A sleep-related breathing disorder among infants and toddlers born prematurely occurs earlier than expected in this population, and at higher rates than among full-term infants, according to a research abstract that will be presented Monday at SLEEP 2007, the 21st Annual Meeting of the Associated Professional Sleep Societies (APSS).
The study, authored by Hawley E. Montgomery-Downs, PhD, of West Virginia University, consisted of the responses of parents of those patients attending a neonatal follow-up clinic to a research questionnaire. Every parent who was approached agreed to participate, and analyses were based on the first 71 participants. Patients were born at 31 weeks gestation and were 10.6 months of age at the time of the study.
Fourteen percent of the children were reported to snore two days per week, while eight percent were reported to snore more frequently. Patients who were reported to snore two days per week weighed less than those reported to snore less than two days per week. Consistent with the poor growth found in children with an SRBD, the study also found that prematurely born infants and toddlers at-risk for snoring and an SRBD have a lower current body weight independent of age.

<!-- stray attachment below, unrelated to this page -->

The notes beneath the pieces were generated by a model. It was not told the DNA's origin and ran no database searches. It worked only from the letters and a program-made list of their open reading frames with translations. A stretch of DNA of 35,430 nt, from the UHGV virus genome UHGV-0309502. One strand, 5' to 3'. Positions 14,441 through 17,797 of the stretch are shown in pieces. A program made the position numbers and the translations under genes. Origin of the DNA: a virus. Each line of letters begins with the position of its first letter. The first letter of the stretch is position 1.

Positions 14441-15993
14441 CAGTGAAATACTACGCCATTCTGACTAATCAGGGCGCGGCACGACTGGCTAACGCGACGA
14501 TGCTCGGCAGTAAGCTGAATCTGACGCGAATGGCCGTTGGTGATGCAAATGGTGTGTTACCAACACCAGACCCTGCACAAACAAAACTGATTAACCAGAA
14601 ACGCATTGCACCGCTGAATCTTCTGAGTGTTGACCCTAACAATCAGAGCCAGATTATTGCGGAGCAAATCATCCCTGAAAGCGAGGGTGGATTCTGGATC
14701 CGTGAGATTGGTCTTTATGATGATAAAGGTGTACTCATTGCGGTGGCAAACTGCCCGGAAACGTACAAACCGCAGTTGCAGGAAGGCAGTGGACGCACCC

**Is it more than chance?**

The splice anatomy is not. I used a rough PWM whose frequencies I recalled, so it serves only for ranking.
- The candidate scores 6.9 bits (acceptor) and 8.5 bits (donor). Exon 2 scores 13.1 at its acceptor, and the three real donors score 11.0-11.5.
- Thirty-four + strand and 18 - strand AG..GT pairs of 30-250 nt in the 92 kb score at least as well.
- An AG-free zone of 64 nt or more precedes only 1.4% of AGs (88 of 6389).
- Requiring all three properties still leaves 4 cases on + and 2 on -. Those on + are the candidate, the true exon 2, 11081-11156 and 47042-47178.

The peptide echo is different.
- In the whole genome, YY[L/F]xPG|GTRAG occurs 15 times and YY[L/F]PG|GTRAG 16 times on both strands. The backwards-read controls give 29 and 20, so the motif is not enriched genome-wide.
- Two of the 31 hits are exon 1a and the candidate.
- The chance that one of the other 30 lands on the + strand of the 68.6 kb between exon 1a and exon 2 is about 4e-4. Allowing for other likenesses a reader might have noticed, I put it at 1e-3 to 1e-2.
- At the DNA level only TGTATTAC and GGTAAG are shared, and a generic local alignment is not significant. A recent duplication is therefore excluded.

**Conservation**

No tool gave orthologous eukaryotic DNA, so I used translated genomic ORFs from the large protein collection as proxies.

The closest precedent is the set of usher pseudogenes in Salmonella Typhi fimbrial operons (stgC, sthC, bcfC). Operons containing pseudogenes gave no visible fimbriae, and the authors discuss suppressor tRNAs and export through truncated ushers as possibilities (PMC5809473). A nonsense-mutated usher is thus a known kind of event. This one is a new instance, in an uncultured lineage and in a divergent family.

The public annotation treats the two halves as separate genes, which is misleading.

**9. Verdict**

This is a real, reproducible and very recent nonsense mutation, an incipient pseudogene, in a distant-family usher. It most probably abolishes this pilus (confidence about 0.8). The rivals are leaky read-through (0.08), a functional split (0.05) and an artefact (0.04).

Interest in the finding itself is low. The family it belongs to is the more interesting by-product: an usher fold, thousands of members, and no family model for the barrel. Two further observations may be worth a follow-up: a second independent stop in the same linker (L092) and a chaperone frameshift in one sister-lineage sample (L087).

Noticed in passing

“These findings may allow clinicians to focus on early assessment and intervention for prematurely-born children, reducing their negative developmental consequences,” said Montgomery-Downs.
Childhood SRBD, a condition associated with snoring that causes frequent sleep disturbance and intermittent hypoxia, is present in approximately three percent of children and adversely impacts their cognitive development.